Professor Angela Lukowski benefited immensely from having individual contact with faculty members when she was an undergraduate, and she is committed to giving the students she mentors the same type of attention. She considers undergraduate researchers to be amazing collaborators who provide unique perspectives on the work being conducted. Professor Lukowski recommends that students become involved in research early in their undergraduate careers, giving them a chance to explore more areas and helping them focus more clearly on where they want to go after graduation. UROP thanks Professor Lukowski for the guidance she provides to the undergraduate students she mentors, and the impact she has on their future careers.

1. How did you develop an interest in mentoring undergraduate research or creative projects, and what type of projects have you directed?

I developed an interest in mentoring undergraduate research projects based on the experiences I had as an undergraduate research assistant at a small liberal arts college, but I first became involved in mentoring students on research projects when I was a graduate student. At that time, I helped students learn how to code video tapes of infants and children who participated in various cognitive assessments. I began mentoring undergraduate students on my own research when I started at UCI in 2008. To date, I have mentored a number of students who have worked on ongoing studies in my lab; many of these students have received funding from UROP and have presented their work at the UCI Undergraduate Research Symposium. The students I work with are involved in studies designed to examine the relation between sleep and behavior in infants and in adults. Undergraduate research assistants help recruit, schedule, and test participants as well as coding and analyzing data so that they are able to gain experience in all aspects of the research process.

2. What do you look for and what are your expectations of undergraduates you select to conduct research under your guidance?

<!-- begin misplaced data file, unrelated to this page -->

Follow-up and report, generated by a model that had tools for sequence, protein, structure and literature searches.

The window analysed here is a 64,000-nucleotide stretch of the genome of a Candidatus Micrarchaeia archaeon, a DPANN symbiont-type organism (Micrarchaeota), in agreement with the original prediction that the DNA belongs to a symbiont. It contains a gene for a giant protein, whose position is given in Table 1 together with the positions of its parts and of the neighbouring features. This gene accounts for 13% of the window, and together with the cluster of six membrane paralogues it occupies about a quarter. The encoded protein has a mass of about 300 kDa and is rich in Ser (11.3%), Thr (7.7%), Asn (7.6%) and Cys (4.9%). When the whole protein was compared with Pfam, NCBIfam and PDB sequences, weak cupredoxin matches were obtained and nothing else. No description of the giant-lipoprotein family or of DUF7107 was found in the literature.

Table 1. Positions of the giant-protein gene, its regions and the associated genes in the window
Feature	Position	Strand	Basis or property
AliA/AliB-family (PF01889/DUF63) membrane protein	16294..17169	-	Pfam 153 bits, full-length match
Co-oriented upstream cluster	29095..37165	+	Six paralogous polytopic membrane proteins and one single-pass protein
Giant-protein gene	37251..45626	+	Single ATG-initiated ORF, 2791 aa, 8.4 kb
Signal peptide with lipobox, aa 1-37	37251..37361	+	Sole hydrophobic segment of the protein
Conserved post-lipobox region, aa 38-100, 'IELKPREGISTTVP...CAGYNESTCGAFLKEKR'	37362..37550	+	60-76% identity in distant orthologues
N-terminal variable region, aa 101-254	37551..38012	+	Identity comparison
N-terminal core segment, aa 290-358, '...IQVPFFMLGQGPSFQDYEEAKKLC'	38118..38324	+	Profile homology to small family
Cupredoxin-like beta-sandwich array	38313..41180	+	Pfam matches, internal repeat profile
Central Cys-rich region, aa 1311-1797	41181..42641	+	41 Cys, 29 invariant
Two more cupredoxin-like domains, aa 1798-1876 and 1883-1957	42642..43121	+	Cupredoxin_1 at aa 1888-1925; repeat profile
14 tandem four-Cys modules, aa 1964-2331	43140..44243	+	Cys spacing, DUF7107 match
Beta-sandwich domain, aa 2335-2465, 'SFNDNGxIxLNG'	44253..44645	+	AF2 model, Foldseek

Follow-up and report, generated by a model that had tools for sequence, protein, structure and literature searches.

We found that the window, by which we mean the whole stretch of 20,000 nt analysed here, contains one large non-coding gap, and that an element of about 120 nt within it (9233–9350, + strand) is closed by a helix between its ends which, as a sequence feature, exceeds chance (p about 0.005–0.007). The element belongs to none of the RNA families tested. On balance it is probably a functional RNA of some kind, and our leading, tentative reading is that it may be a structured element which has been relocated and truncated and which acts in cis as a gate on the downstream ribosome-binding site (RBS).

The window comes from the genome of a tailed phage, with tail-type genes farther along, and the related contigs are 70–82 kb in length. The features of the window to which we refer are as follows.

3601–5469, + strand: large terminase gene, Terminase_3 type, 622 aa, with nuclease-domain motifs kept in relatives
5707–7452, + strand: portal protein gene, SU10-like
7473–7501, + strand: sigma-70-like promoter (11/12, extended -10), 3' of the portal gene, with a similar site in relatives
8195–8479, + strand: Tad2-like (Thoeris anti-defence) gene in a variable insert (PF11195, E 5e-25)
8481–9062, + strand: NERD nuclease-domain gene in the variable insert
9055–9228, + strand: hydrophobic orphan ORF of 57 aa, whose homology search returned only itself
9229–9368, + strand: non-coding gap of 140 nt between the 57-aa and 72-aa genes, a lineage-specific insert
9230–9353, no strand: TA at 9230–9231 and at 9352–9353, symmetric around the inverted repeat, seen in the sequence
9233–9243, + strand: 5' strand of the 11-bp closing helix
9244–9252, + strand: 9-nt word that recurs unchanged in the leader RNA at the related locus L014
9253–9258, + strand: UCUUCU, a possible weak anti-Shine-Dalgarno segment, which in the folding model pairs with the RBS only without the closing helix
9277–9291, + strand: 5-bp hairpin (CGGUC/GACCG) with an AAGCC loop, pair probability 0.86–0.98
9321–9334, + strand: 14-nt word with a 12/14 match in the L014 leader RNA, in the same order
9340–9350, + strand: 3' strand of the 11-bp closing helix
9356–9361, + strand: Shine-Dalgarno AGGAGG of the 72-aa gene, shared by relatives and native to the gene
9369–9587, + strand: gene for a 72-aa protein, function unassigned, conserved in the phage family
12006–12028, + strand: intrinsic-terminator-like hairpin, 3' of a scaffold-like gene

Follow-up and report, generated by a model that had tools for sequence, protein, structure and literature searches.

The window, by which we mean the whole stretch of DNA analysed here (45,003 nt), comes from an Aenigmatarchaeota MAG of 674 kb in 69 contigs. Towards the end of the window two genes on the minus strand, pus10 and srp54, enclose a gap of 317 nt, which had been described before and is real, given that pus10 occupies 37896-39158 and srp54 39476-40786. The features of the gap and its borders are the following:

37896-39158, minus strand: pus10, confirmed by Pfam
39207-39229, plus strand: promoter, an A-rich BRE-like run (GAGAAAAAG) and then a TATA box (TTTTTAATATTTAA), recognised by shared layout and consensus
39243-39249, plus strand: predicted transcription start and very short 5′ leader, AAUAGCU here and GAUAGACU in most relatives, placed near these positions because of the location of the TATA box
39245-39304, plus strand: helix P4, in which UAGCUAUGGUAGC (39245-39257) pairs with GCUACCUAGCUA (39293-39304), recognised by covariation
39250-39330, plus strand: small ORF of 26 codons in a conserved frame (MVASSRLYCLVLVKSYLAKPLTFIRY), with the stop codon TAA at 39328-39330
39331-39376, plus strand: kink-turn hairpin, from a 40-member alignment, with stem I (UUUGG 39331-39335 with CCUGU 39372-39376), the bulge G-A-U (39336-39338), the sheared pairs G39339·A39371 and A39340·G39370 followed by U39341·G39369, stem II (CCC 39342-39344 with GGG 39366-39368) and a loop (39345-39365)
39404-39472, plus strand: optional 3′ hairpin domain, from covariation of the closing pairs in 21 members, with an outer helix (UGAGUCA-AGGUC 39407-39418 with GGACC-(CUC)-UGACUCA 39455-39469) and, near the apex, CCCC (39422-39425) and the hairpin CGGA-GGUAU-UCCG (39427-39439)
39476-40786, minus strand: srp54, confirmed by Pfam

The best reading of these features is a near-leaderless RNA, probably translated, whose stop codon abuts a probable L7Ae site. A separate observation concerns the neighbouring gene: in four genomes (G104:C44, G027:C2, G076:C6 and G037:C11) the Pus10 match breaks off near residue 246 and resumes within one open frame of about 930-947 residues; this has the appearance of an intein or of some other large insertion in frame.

Undergraduates who have taken classes in psychology, education, public health, or neuroscience are best suited to work in my lab; interested students may be thinking of applying to graduate school in psychology or they may be interested in learning more about infants and children. In terms of personal characteristics, I expect that students will have high grade point averages, possess outstanding organizational skills and be attentive to detail, have strong written and verbal communication abilities, and interact well with other students in the lab and families who agree to participate in our studies.

3. Describe your level of engagement and style in mentoring undergraduates.

I am extremely involved with the undergraduates who work in my lab. I routinely meet with my undergraduate research assistants to discuss progress on the studies on which they are working and to help them think about their future career plans. My office door is always open to my students: I benefited immensely from having individual contact with faculty members when I was an undergraduate, and I am committed to helping my students determine where they want to travel on their own career paths after they graduate from UCI.

4. In your experience, how have your students improved or benefited as a result of their undergraduate research experience?

Undergraduate students who work in my lab obtain hands-on experience with the scientific process from study design to study completion. In many cases, my undergraduate research assistants have the opportunity to engage in all phases of the research process, from recruitment to participant testing to data reduction and analysis. Because of their intensive involvement in the lab, students are able to critically evaluate whether a life of science may be right for them.

5. What have you learned or benefited from guiding undergraduate research or creative projects?

I have benefited a great deal from involving undergraduate students in my research. Student researchers are amazing collaborators who provide unique perspectives on the work being conducted, and I am fortunate to have worked with a number of talented students since arriving at UCI.

6. What recommendations and advice would you give students embarking on undergraduate research or creative projects?

If I could offer advice to students who are thinking of becoming involved in research, I would tell them to be proactive! Many faculty members or graduate students are interested in mentoring interested undergraduate students and would be receptive to students who emailed them indicating particular interests in their area of study. I also suggest that students become involved with research early in their undergraduate careers, as this might allow them to work in more than one lab over time and help them decide where they want to focus their attention after graduation.

Research Interests: Memory development in infancy and early childhood; individual differences in long-term memory in infancy; the impact of early nutrition on development

Faculty Profile:


Past Faculty Mentors of the Month

Dec. '11 Louis DeSipio
Nov. '11 Anthony A. James
Oct. '11 Tiffany Willoughby-Herard
Sep. '11 Angela Lukowski
Aug. '11 Petra Wilder-Smith
Jul. '11 Ron D. Frostig
Jun. '11 Sunny Jiang
May. '11 Samuel L. Gilmore
Apr. '11 Sally Dickerson
Mar. '11 Shahram Lotfipour
Feb. '11 Mark Steyvers
Jan. '11 Benjamin F. Villac